The pound has tumbled in value in the days following Kwasi Kwarteng’s mini budget.
The chancellor’s £45bn programme of unfunded tax cuts sent markets reeling and saw sterling crash to record lows against the US dollar, with the Bank of England staging an emergency intervention in a bid to control inflation.
The International Monetary Fund has publicly stepped in urging the chancellor re-evaluate the tax cuts, which include scrapping the 45p rate of income tax for people earning more than £150,000.
First Minister Nicola Sturgeon said the UK was in the “grip of (a) rapidly deteriorating economic crisis” as she demanded the Commons should be recalled to address the economic turmoil.
Economists warn the Bank of England could increase interest rates from 2.25% to almost 6% next year, which would be the highest level since 1999.
This has led to some lenders suspend mortgage deals for new customers due to the soaring costs of offering long-term loans.
As the cost-of-living crisis continues, homeowners whose mortgage deals are ending will be feeling the pinch.
Mortgage advisor Iain Greer told STV News: “Anyone with any debt, whether that’s mortgage debt, car finance, are going to see their costs increase.
“We’re seeing an average mortgage of £100,000 over 25 years increasing by £150 a month – and it’s more for higher mortgages. That’s a big jump.”
He advised anyone on a fixed rate payment plan to set up overpayments while rates are low to reduce overall debts and so it’s “less of a shock to the system” when having to pay a higher rate.
‘Homeowners must tighten their belts’
Mr Greer predicts homeowners will be forced to change their lifestyles – whether that’s opting for a cheaper car or dining out less.
“People are going to have to tighten their belts and adjust their spending accordingly,” he sid.
“We won’t see homes repossessed to the same extent but people may have to hand back their cars. I think we’ll see retailers and other industries significantly affected.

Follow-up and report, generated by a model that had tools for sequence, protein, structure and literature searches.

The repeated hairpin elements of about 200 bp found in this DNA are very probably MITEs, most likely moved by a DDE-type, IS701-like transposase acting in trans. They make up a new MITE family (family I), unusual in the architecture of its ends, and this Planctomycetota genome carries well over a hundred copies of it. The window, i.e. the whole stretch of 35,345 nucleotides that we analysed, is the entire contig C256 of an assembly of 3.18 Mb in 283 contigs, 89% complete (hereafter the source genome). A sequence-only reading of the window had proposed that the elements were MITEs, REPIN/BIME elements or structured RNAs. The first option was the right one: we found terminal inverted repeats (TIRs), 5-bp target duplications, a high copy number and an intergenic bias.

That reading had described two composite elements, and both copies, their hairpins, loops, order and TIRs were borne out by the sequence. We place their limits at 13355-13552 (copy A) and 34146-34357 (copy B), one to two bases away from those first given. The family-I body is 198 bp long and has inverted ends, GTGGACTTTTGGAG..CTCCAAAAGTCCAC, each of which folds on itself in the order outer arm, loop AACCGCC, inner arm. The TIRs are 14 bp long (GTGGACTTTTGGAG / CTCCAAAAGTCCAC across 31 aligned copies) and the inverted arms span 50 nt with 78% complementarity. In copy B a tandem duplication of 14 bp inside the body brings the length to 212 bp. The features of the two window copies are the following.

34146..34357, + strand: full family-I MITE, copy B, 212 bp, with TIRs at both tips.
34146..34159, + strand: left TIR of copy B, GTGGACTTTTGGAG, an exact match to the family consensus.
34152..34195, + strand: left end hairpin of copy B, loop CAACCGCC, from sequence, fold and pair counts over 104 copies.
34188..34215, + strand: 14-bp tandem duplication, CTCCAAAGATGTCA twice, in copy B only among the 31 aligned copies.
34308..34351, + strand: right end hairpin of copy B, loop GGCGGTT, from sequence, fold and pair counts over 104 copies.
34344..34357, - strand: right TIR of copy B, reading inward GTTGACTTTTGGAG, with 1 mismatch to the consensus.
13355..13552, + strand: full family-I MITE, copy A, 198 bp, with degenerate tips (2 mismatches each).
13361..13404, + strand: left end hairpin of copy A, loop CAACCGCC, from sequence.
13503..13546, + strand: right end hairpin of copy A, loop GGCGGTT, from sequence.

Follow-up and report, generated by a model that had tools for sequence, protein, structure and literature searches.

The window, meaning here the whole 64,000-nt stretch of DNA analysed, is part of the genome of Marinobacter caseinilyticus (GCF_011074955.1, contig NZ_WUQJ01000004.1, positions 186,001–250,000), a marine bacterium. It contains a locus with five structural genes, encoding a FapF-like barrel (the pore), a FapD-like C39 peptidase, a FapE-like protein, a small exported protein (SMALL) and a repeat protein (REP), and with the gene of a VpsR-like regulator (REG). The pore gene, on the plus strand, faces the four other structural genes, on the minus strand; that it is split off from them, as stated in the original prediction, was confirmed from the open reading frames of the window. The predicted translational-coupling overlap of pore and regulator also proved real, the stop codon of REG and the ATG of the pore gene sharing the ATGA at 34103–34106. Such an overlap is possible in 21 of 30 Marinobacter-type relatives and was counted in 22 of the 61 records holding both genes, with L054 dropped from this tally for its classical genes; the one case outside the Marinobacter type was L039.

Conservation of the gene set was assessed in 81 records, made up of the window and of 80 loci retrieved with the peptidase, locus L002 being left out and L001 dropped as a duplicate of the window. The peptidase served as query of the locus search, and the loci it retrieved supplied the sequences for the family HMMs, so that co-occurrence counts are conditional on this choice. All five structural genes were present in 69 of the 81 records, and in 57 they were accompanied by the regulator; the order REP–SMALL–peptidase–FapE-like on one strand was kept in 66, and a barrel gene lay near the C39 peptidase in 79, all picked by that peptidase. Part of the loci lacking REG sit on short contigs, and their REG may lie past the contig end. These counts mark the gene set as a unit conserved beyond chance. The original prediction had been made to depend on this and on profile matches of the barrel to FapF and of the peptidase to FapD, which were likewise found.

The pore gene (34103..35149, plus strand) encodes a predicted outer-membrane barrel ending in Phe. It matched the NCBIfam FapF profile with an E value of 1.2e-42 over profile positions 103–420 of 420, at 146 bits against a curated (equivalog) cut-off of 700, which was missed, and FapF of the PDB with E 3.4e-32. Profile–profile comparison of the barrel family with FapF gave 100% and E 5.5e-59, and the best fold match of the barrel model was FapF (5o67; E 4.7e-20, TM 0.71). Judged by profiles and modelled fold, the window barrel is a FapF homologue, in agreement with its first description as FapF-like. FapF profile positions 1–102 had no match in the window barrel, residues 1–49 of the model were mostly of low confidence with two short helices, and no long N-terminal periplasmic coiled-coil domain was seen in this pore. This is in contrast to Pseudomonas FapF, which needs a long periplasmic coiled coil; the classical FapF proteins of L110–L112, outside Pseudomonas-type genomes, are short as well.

“You’ll need to think twice about buying that new car, maybe go on one holiday a year instead of two or three, other luxury items you might need to stop and evaluate.”
Check your contracts
Marie Dalrymple, a mortgage adviser for Ascot Lloyd, advises customers to check their contracts to see if payment holidays have been pre-agreed. If not, speak to your lender.
Some lenders will allow you take up to 12 months off from paying the mortgage, while others will allow only up to six months over the lifetime of the mortgage – though it all depends on your circumstances.
She said: “Most lenders do actually have payment holiday options – but they have to be for a legitimate reason. It’s not advisable to take for the sake of it as the interest gets added to the balance of the mortgage and you end up paying for it at a later stage.
“If you’re using it at the beginning of this crisis, it might not be available down the line.”
She added: “I had an enquiry from someone last week looking for a mortgage holiday. This year her repayments have doubled as she is on an interest only mortgage on the variable rate with a provider that no longer exists, and was refused a mortgage holiday because one wasn’t included in the existing contract.”
Will a mortgage holiday affect my credit score?
The advice from the Financial Conduct Authority (FCA) is that a mortgage holiday will not affect your credit record, but that it could affect future lending decisions.
Even though there is no mark left on your credit report when you take a mortgage holiday, when you try to borrow money, lenders look at thousands of pieces of data.
In May, the FCA updated its guidance to clarify this: “Lenders may use sources other than credit files, such as bank account information, to take account of other factors in their lending decisions. These factors could include changes to income and expenditure.”
What if you really need a payment holiday?
CAS spokesman Myles Fitt said mortgage lenders legally have to treat you fairly and consider any request you make to change the way you pay your mortgage.
“They are expected to do everything they can to come to a payment arrangement,” said Fitt. “But if you are struggling, it is important that you contact them as soon as possible to ask for such help.